For the study, published inBrain Communications, clinicians evaluated the use of K.Vita®, (also known as Betashot), an oral liquid dietary supplement developed by UCL in collaboration with Royal Holloway, University of London, and Vitaflo International Ltd.
The ketogenic diet (KD) consists of high-fat, low-carbohydrate and adequate protein consumption and mimics the fasting state, altering the metabolism to use body fat as the primary fuel source. This switch from carbohydrates to fat for body fuel is known as ketosis.
It is widely used to treat drug resistant epilepsies. However, the highly restrictive diet, which can cause constipation, low blood sugar, and stomach problems, can have poor compliance and is not suitable for everyone. Some KD supplements are also known to be unappetising.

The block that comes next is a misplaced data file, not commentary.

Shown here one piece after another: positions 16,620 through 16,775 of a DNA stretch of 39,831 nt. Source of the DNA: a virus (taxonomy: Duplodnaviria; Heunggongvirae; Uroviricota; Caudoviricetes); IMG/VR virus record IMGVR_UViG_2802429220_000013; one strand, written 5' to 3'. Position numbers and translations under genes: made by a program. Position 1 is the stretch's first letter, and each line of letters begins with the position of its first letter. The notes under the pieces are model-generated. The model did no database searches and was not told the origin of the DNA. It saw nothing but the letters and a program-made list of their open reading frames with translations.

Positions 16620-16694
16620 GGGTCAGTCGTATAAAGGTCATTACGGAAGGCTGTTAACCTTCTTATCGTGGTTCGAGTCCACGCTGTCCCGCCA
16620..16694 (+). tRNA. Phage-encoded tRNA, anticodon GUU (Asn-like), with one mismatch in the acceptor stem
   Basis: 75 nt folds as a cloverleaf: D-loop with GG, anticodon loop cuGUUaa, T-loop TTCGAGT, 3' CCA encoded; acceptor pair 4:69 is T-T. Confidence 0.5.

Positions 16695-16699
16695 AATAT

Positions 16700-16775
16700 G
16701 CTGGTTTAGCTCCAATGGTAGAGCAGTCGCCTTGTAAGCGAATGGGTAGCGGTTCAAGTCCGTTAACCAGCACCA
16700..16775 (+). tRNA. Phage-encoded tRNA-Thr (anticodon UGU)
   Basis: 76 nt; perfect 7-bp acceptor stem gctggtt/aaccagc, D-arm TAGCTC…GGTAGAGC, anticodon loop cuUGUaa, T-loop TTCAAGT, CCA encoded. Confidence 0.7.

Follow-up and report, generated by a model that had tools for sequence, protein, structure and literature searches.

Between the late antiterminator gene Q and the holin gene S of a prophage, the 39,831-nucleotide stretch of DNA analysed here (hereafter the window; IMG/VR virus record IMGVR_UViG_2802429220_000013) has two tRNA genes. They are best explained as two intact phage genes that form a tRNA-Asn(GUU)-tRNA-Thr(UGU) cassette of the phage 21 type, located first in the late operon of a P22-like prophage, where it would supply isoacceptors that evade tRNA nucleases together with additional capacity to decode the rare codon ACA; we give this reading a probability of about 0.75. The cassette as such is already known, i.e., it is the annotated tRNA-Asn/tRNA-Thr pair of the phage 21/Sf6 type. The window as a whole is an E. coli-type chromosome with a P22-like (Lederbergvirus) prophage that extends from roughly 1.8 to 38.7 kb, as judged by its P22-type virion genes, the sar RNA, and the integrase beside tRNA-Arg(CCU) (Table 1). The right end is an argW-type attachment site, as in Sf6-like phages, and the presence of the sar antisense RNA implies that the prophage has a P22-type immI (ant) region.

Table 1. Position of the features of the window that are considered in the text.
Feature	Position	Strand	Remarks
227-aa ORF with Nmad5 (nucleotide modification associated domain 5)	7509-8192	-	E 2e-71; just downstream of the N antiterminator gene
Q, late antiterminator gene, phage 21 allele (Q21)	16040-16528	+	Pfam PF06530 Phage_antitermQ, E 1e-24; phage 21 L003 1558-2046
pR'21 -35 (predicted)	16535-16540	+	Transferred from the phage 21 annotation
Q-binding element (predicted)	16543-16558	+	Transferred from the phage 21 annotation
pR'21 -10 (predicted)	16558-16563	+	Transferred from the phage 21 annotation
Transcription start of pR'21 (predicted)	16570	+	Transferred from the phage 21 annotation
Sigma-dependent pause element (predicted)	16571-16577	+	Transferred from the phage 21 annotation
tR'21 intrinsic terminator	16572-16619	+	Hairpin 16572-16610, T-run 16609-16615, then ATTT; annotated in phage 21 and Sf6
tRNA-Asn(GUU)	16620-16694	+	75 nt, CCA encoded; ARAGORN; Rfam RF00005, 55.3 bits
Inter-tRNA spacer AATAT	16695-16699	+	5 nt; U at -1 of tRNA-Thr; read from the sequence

K.Vita is based on novel findings by UCL researchers*, who discovered a different underlying mechanism to explain why the KD is effective against epilepsy; in developing a new treatment, researchers also sought to reduce the adverse side effects caused by KD.
Corresponding author Professor Matthew Walker (UCL Queen Square Institute of Neurology) said: “The ketogenic diet has been used for 100 years to treat epilepsy, helping reduce seizures in both children and adults.
Release date: 23 July 2021
Source: University College London